“Ma’mun’s map was a giant step forward,” Sezgin explains. “It gives the first really accurate representations of longitude and the circumference of the Earth.” For example, where Ptolemy estimated the distance from the Canary Islands—then regarded as the westernmost point of the world—to the eastern shores of the Mediterranean as 63 degrees of longitude, al-Ma’mun’s cartographers calculated a substantially smaller figure that is only two or three degrees off the true 50-degree measurement. They also depicted the Atlantic and Indian Oceans as open bodies of water, not land-locked seas as Ptolemy had done.

Back down in the museum, Sezgin shows me a model of al-Ma’mun’s globe, vividly painted in gold and blue with red bands indicating mountain ranges and thin green lines for rivers. Nearby is a copy of Muhammad al-Idrisi’s 12th-century world map, first engraved for Roger ii, the Norman king of Sicily, on a ponderous 135-kilogram (300-pound) silver plate two meters (78") in diameter. Although the later map distorts the known world by squeezing land masses and oceans into seven equal climatic zones, it provides considerably more detail on northern Europe, northern Asia and the islands of what is now Indonesia.
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« Reply #9 on: May 29, 2009, 09:33:41 am »

   



WORLD MAP BY MOROCCAN CARTOGRAPHER AL IDRISI FOR KING ROGER II OF SICILY
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« Reply #10 on: May 29, 2009, 09:35:00 am »









Among the institute’s 25 elegant compasses made of wood and brass, with magnetized iron needles, perhaps the most historically significant is the simple copper ring with Arabic lettering designed by Ahmad ibn Majid, the great Arab navigator. According to Sezgin, Ibn Majid was the first to mount a magnetized needle on a revolving support above the compass face. Earlier, the professor had eagerly hauled out a copy of one of Ibn Majid’s maps, probably similar to one employed on Vasco da Gama’s 1498 voyage from East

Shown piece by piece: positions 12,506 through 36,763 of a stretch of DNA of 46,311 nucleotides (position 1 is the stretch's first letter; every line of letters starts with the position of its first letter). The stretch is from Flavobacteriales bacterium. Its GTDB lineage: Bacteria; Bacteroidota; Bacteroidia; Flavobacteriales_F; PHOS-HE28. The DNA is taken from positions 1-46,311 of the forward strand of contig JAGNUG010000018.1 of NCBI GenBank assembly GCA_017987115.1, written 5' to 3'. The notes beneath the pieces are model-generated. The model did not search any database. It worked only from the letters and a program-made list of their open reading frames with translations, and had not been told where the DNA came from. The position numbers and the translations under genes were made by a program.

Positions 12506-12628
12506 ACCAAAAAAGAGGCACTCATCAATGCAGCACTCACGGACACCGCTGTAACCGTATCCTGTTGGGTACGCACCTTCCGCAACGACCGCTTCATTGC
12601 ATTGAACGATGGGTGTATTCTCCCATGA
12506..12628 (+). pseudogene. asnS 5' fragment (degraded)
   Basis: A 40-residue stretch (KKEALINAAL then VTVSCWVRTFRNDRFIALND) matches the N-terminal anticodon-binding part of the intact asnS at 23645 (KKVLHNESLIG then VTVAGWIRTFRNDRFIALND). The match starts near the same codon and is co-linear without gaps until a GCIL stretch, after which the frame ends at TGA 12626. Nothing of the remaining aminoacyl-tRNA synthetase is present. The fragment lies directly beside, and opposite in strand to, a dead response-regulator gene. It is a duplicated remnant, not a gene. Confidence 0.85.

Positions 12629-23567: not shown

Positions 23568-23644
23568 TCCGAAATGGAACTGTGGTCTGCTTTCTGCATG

Africa to India, and marveled over its accuracy: It pegged the distance between Africa and Sumatra to within 40 minutes of a single degree of longitude, off by the equivalent of around 74 kilometers (46 mi).

“Eighty percent of the history of cartography until the 18th century dates from the medieval Islamic period,” Sezgin asserts. “Only 20 percent came from the ancient Greeks and from later European sources.” As proof, he lays before me copies of Chinese and Korean maps that use Arab, not European, place names, and a 1669 French map by Nicholas Sanson that also recycles Arabic longitudes and latitudes. Sanson’s map repeats a mistake al-Ma’mun had made about the location of Balkh, in northern Afghanistan, 800 years earlier. Since Muslim cartographers had corrected the error by the 16th century, it is clear that Sanson, working more than a hundred years later, was copying al-Ma’mun’s original map, Sezgin says.